Phenology across LTER: 2/26-3/2/2007

Phenology is the study of the timing, variability, and change in recurring biological events. Familiar examples of phenological events include the onset of spring growth and the autumnal leaf fall, the migrations of birds and butterflies, and the flowering and fruiting in wildflowers, trees, and crops.   During February 26 to March 2, Geoff Henebry organized and led a workshop entitled "Phenology across LTER" at the University of New Mexico's Sevilleta Field Station located in the 100,000 ha Sevilleta National Wildlife Refuge. LTER stands for Long-Term Ecological Research, a network of sites funded by the National Science Foundation (NSF) to understand how ecological processes vary and respond to environmental change through many years. The workshop gathered a small group of scientists from South Dakota, Puerto Rico, Oregon, New Mexico, Massachusetts, and Arizona representing seven LTER sites to evaluate the status of ongoing and prior phenological research in the LTER network, initiate a synthesis of a subset of these dataset, and formulate recommendations about how the LTER network can facilitate phenological research and interact with the emerging National Phenology Network. This workshop was funded by the NSF LTER Network Office as a follow-on event to a phenology working group at the 2006 LTER All Scientists Meeting that occurred last September in Estes Park, Colorado.

News Date: 
Feb 26, 2007 to Mar 02, 2007

GIScCE scientists present research at the American Geophysical Union’s Fall Meeting, December 11-15, 2006, San Francisco, CA.

Drs. Geoff Henebry and Gabriel Senay, geospatial analyst Marcela Doubková, and doctoral student Valeriy Kovalskyy will be among 12,000 scientists attending the 2006 AGU Fall Meeting.

Gabriel Senay’s research will be presented in two posters in a Wednesday special session entitled Thermal Remote Sensing Data for Earth Science Research: The Critical Need for Continued Data Collection and Development of Future Thermal Satellite Sensors.

  • Senay, G.B., M.E. Budde, and J.P. Verdin: Using MODIS thermal data for estimating actual evapotranspiration from irrigated fields.
  • Budde, M.E., G.B. Senay, J.P. Verdin, and J.D. Rowland: Validation of a simplified energy balance model for estimating irrigated cropland and water use in Afghanistan.

For the third consecutive year, Geoff Henebry has convened at the Fall AGU Meeting a special session with a phenological theme. This year’s session entitled Land Surface Phenology, Seasonality, and the Water Cycle was co-organized by Mark Friedl of Boston University and Mike White of Utah State University. The Wednesday session includes 4 invited talks, 8 contributed talks, and 30 posters.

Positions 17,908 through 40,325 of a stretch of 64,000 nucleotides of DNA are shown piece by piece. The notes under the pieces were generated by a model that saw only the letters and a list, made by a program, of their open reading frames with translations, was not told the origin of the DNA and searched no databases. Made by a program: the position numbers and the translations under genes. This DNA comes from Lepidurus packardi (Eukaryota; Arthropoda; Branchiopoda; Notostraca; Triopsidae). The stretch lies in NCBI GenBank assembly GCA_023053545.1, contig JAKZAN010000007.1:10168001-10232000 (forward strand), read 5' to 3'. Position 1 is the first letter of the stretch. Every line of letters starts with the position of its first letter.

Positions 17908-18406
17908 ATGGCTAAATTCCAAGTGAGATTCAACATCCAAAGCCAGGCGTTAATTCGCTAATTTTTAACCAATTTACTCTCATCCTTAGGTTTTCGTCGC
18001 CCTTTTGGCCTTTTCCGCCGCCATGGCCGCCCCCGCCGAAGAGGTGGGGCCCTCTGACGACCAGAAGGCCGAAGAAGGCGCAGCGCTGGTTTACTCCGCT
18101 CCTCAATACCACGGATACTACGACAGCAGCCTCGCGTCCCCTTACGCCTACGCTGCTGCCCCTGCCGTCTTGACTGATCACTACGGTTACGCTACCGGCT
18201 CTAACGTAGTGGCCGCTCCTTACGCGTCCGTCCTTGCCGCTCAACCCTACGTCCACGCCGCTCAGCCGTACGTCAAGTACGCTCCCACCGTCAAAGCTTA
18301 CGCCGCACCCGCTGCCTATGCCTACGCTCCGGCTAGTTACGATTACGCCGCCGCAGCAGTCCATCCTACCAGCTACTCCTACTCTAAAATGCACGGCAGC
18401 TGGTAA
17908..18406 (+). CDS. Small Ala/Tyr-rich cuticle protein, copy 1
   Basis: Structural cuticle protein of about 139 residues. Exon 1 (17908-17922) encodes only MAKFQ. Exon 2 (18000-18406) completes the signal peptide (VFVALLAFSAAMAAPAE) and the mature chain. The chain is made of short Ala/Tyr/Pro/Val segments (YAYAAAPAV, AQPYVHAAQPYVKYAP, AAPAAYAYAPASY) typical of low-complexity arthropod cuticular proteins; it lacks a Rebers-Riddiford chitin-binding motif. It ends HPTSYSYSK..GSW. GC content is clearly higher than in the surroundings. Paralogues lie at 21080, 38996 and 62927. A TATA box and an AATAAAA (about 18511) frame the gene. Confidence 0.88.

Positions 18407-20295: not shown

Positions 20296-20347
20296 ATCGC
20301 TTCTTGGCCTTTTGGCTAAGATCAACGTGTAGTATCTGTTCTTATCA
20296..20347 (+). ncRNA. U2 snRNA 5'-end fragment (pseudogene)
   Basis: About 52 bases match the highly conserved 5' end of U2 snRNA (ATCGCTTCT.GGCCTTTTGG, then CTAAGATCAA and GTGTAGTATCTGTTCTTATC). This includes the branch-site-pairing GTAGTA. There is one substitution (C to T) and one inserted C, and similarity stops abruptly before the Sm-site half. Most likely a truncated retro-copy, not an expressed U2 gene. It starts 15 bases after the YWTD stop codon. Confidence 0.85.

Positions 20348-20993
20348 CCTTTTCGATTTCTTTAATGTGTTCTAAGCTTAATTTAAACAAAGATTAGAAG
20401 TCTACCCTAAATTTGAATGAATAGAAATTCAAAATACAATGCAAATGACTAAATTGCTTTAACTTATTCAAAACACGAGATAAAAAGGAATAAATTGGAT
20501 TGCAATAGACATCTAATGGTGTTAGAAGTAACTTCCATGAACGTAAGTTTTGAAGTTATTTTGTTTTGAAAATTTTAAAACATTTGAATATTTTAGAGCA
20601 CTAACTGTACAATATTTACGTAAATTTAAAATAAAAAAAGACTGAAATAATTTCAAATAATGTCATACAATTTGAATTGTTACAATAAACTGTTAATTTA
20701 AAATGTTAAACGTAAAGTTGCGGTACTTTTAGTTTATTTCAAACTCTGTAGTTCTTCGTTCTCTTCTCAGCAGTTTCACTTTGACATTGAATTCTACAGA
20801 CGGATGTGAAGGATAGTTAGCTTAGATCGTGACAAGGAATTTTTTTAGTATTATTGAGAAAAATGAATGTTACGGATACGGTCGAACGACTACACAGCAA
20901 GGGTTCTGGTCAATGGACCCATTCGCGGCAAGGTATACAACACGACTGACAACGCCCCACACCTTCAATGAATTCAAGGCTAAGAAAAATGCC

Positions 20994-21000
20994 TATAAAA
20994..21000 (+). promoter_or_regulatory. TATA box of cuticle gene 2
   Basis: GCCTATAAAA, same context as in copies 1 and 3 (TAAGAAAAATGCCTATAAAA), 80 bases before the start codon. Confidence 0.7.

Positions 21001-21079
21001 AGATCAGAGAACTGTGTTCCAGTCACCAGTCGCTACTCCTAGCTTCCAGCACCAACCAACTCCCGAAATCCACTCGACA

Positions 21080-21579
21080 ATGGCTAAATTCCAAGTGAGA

• Henebry, G.M., and M. Doubková: Complex land surface phenologies of moisture status.
  • Keydan, G.P., A.A. Gitelson, and G.M. Henebry: Land surface phenology: which biophysical characteristics of vegetation should be measured remotely to characterize it?


  • de Beurs, K.M., and G.M. Henebry: Phenological mixture models: Using MODIS to identify key phenological endmembers and their spatial distribution in the Northern Eurasian semi-arid grain belt.
  • Doubková, M., and G.M. Henebry: MODIS and AMSR-E vegetation indices for land surface phenology studies in the Eurasia semi-arid grain belt.
  • Kovalskyy, V., and G.M. Henebry: Change and persistence in land surface phenologies in the Don and Dnieper River Basins.

Although GIScCE scientists Drs. Shunguang (Leo) Liu and Tom Loveland are not able to attend the meeting, their research will be presented as a poster in the Friday special session entitled Regional to Continental-Scale Carbon Cycle Science: Progress in the North American Carbon Program, CarboEurope, and Related Programs:

  • Liu, S., Z. Li, T. Loveland, and L. Tieszen: Contemporary carbon trends in the eastern United States.

In addition Leo’s work will also be featured in a talk in the special session entitled Geomorphic Controls on Carbon Dynamics:

  • Sunduist, E.T., K.V. Ackerman, R.F. Stallard, N.B. Bliss, and S. Liu: Historical influence of soil and water management on sediment and carbon erosion and burial in the United States.


News Date: 
Dec 11, 2006 to Dec 15, 2006

Dr. Mark A. Cochrane presents in Coimbra, Portugal

November 27-30, 2006: Coimbra Portugal. Oral Presentation: Cochrane, M.A. “Fire dynamics in tropical moist and wet forests”. 2006. Presented at the V International Conference on Forest Fire Research.

News Date: 
Nov 27, 2006 to Nov 30, 2006

GIScCE Scientists travel to 3rd International Fire Ecology and Management Congress

 Four GIScCE Scientists will be presenting their research at the 3rd International Fire Ecology and Management Congress, November 13-17 2006, San Diego, CA.

Scheduled Presentations

Mark Cochrane

  1. "Changing Fire Regimes: Context and Consequences of Climate Change in Amazonia" (Plenary)
  2. "Fire Dynamics and Human Land Use in the Brazilian Amazon"
  3. "The Potential for Remotely Sensed Burn Severity Estimation in Tropical Forest Fires Using Landsat Imagery"

David Roy - "Factors that promote and constrain the use of satellite derived fire products by resource managers in southern Africa"

Mike Wimberly - "Fire feedbacks, and forest landscape dynamics: Applying landscape simulation models to untangle ecological complexity"

Zhiliang Zhu - "Developing an operational methodology to update LANDFIRE: Preliminary results"


News Date: 
Nov 13, 2006 to Nov 17, 2006

Dr. Mark A. Cochrane presents in Santiago, Chile

July 19-21, 2006: Santiago Chile. Invited Presentation: Cochrane, M.A. 2006 “Perspectives of Fire Regime Conditions and Abating Fire-related Threats in Tropical Wet Forests: Land use interaction and synergy with forest disturbance in the Brazilian Amazon”. Oral Presentation at the Global Fire Assessment Workshop for the Neotropic Realm.

News Date: 
Jul 19, 2006 to Jul 21, 2006